- Doritos is holding another CGM contest for the Super Bowl. Ooh, but there's a twist: win $1 million if your spot becomes the FIRST EVAR! consumer-generated ad to take No. 1 in USA Today's Ad Meter. (Here's what won last year.) Entries welcome 'til November 16.
- Given that people and dinosaurs walked the earth at the same time,* it's totally probable dinosaurs caught the social media bug from its Homo sapien homies. Isn't Facebook, like, 200 million years old or something?
- Bill Gates in a condom ad! No, not really, but that penis makes a resonant impression.
There's something appealing about "Time for a Change," Diapers.com's first stab at online video marketing. Positioned like a political ad, it offers "gas relief" and bi-potty-san support to frustrated Americans.
After walking the talk with some discount codes, a voiceover grandly concludes, "Your doodie is our duty" as the Stars and Stripes hover in the background.
Aww. Finally, something a hockey mom can really get behind.
The ad went live at Parents for Change. Users click straight into the Diapers.com site, where they can put their discount codes to good use. Good, simple stuff by The Ad Store.
Tapping into the truism that one's phone is, in a sense, one's life, Nokia is out with an interesting online promotion for what appears to be a new phone. Two playful videos (Anna, Luca) do the montage thing to illustrate the lives of Anna, Jade and Luca, all of whom, of course, have accompanying Facebook pages.
On the promotional site, somebodyelsesphone, where the symbiotic relationship between a person and their phone is further explored, people can sign up to be notified via email when the phone will be unlocked...in other words, released.
Or, or, or...it's not a promotion for a new phone, rather, a playful promotion that attempts to make everyone love Nokia even more. Or hate their friends for even thinking about stealing a person's little secrets out of their phone. In 5.5 days, we will know. W+K London created the work.
"We just keep saying 'Maverick, Maverick, Maverick' until that's all they hear!" snaps a fictional McCain campaign strategist. "It's not that hard." Because why write a jingle when you've got a word with the force of a heavy blunt instrument -- a word voters will remember long after all the other propaganda's melted together?
Dubbed "A Fly on the Wall," this :33 bit of masterpiece theatre was allegedly funded by Jeff Goodby and Rich Silverstein in the flesh, then uploaded onto YouTube from their own computers. Well, maybe not the latter.
Not the first "maverick" bitchslap we've seen in recent days. I'm just glad they didn't use children.
More where that came from, and good stuff too, though all this blatant Obama-loving has begun alienating some potential voters.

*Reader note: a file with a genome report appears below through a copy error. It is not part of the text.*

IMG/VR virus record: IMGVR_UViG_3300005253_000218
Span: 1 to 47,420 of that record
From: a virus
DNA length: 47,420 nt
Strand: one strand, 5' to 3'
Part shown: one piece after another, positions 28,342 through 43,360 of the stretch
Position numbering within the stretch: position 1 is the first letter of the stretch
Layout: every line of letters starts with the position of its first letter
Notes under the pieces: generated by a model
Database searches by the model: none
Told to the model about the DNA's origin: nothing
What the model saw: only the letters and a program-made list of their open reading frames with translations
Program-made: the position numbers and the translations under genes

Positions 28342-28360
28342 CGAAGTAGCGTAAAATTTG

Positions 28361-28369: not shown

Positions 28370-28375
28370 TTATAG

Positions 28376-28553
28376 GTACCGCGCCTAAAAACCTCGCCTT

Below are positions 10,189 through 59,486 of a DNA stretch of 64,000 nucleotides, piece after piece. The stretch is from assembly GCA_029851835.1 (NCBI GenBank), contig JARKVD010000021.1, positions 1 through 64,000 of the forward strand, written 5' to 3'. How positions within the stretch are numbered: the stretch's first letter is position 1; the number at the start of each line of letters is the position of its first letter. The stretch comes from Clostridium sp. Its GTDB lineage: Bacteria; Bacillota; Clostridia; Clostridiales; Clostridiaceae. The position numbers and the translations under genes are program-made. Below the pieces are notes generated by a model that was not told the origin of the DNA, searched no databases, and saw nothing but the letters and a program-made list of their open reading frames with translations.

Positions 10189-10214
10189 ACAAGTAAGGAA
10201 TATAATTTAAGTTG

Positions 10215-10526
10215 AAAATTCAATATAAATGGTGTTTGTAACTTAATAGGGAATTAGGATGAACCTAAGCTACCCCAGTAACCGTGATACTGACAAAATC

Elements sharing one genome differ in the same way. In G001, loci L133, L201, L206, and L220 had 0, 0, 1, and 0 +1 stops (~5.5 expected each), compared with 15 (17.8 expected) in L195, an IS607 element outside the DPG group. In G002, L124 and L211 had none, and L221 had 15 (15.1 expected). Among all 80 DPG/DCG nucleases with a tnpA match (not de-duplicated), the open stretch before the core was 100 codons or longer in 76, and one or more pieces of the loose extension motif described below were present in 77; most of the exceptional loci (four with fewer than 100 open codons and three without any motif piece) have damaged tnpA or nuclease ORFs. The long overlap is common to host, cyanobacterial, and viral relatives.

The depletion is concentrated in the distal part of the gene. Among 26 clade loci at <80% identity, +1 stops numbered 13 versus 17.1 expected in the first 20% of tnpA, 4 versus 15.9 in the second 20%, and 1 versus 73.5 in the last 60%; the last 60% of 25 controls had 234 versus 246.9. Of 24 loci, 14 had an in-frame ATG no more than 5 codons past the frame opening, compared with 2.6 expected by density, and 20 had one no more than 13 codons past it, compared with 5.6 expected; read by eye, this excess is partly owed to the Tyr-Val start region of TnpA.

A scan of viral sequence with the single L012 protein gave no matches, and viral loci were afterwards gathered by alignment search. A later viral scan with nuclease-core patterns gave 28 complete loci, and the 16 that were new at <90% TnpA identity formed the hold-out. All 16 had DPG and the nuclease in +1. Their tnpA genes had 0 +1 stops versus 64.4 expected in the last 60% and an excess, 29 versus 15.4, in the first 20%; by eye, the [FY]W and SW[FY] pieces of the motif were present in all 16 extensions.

- A handful of rich-ass celebrities use reverse psychology to cajole MySpace users into voting. What, does Jennifer Aniston not do it for you? Maybe Leonardo DiCaprio's poverty-ridden excuse for a blog will.
- The wife of David Warthen, founder of Ask.com, is facing tax evasion charges on money she made while working as a hooker to pay for law school.
- Three thought-provoking reasons not to blog anonymously if you're gonna blog at all.
by Angela Natividad
, Trends and Culture
Nobody ever tires of a transparent double entendre, right?
Bearing that wisdom in mind, Nando's released an ad where a blonde ditz flags down a waitress because her burger didn't come with chips. (That's British talk for "fries.")
"They're on your plate," the waitress points out.
"No they're not," the hungry hippo blasts back.
The Swift Kids for Truth, a group of weebies that can't form complete sentences without lisping adorably, take the piss out of Sarah Palin in a video called "Maverick." The description's about as infantile as the content: "The kids are in awe of that lady who looks like their Mommy when she's mad."
Palin's status as "maverick," the munchkins argue with subtle irony, doesn't go much deeper than the frameless glasses on her nose.
A guy called James Neate just created a crew, Brandstalkers, whose mission it is to "virally" promote brands it loves -- as opposed to advertising them in conventional ways. (Frankly, "viral" is getting pretty conventional, in use of name if not in outcome. Repeat after me: VIRAL IS AN OUTCOME.) In return, the group takes a small "grant" from the companies it represents.
Its debut effort was for Guzman y Gomez, a Mexican taqueria based in Sydney. It involves half-naked guys and a lot of Sharpies.
Gotta love brand gospel writ on flesh. You can probably gauge the success of the campaign by the number of Japanese tourists it attracted.
Isobar just built a new site for Renault's Kangoo Be Bop -- "a quirky car, filled with space and light." Once you've chosen your country (France or UK), hit "BeFun" and watch the film for some '60s-style frivolity.
Light and loose, bright but easy on the eyes. Very Target, but period-specific. It's like everything the Ford Fiesta wanted (but failed!) to achieve with the love factory.
- There are many ways to call attention to breast cancer awareness. This is yet another one which makes an interesting association between the affected body part and the company behind the awareness campaign.
- Wonder what the "born digital" crowd does all day long? Here's your answer.
- Gawker Media's Nick Denton has announced cutbacks at his company and predicts a challenging year ahead in 2009.
- Perhaps due to genuine interest or perhaps to hear how many times Palin would utter yet another soccer mom-ism, 69.9 million viewers tuned in to the Biden/Palin debate, more than the 52.4 million who watched Obama debate McCain.